A number of recent signs show the shift is taking place sooner rather than later. We’ve become resigned to the idea that China’s economy, now the world’s second-biggest, will overtake America’s eventually. But a new report by the Paris-based Organization for Economic Cooperation and Development says that “eventually” means 2016, only three years away, when adjusted for relative purchasing power. Militarily, too, China keeps passing milestones and extending its international reach. There were two firsts just this summer, when 400 People’s Liberation Army troops joined the peacekeeping mission in Mali, the first time China’s armed forces donned the UN’s blue helmets, and when the Chinese and Russian navies partnered in Joint Sea 2013, the largest military exercise China has ever held with a foreign nation.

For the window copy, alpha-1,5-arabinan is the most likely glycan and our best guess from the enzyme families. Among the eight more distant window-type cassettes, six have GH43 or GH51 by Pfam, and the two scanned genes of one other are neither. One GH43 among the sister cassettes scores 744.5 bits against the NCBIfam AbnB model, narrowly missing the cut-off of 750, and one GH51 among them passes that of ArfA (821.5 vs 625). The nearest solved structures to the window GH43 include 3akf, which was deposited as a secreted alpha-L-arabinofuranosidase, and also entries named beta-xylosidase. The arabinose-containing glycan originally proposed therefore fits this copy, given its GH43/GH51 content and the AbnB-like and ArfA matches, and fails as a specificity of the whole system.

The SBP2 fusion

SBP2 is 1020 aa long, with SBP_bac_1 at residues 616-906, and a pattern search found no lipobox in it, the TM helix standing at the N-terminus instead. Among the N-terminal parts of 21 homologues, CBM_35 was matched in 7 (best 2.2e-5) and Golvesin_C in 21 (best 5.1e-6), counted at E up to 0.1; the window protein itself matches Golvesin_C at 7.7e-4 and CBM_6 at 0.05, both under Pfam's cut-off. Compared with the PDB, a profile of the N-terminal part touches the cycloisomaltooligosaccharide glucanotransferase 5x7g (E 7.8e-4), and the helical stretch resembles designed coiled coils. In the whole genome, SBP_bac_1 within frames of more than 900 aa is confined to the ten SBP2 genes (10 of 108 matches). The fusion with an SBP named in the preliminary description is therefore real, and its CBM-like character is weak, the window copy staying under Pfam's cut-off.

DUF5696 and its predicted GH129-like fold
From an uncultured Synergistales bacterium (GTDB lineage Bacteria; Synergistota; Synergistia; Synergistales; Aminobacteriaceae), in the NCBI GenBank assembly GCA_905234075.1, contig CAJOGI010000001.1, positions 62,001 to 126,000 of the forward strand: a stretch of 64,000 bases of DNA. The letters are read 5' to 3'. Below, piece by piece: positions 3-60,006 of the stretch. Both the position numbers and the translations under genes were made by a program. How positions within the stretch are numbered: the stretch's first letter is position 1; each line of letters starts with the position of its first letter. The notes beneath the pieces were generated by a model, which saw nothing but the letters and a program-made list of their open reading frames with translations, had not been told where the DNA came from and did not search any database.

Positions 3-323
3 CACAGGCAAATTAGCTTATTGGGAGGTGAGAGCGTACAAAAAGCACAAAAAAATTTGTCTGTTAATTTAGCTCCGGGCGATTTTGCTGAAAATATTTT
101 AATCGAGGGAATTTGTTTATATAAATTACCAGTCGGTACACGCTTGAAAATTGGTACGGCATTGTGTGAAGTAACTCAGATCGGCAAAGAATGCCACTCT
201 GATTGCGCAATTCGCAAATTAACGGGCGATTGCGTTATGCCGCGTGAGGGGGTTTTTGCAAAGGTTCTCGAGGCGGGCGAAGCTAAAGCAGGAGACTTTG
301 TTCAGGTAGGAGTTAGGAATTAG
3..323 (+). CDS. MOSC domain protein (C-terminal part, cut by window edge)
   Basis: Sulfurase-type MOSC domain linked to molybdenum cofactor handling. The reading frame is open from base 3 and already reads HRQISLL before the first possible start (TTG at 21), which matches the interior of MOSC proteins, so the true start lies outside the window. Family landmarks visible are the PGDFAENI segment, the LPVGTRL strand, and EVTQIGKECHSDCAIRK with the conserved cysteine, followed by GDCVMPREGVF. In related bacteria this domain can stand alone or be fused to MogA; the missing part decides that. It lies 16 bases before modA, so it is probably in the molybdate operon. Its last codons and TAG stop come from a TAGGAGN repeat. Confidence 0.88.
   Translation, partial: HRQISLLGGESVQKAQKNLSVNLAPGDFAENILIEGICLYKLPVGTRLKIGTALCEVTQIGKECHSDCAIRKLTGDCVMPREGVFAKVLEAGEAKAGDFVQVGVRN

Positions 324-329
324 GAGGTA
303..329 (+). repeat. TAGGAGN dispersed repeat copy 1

The world is starting to notice. The Pew Center’s Global Attitudes Project concluded in July, “Regardless of which country is seen as the economic powerhouse today, many publics believe China will eventually replace the U.S. as the world’s leading superpower, if it has not already done so.” Majorities in 33 of the 39 countries surveyed agreed that America is waning, while those in only six, including the U.S. itself and Japan, disagreed. Significantly, China is seen as winning by citizens in some of America’s old friends, such as Canada, Britain, and Germany. At the same time, the study showed rising tension between the American and Chinese publics. Whereas two years ago over half of Americans had a positive view of China, that’s now down to 37 percent. Similarly, the 58 percent pro-America rating among Chinese has fallen to 40 percent. Noah Feldman, for one, believes we are on the brink of geopolitical conflict, though not necessarily a shooting one.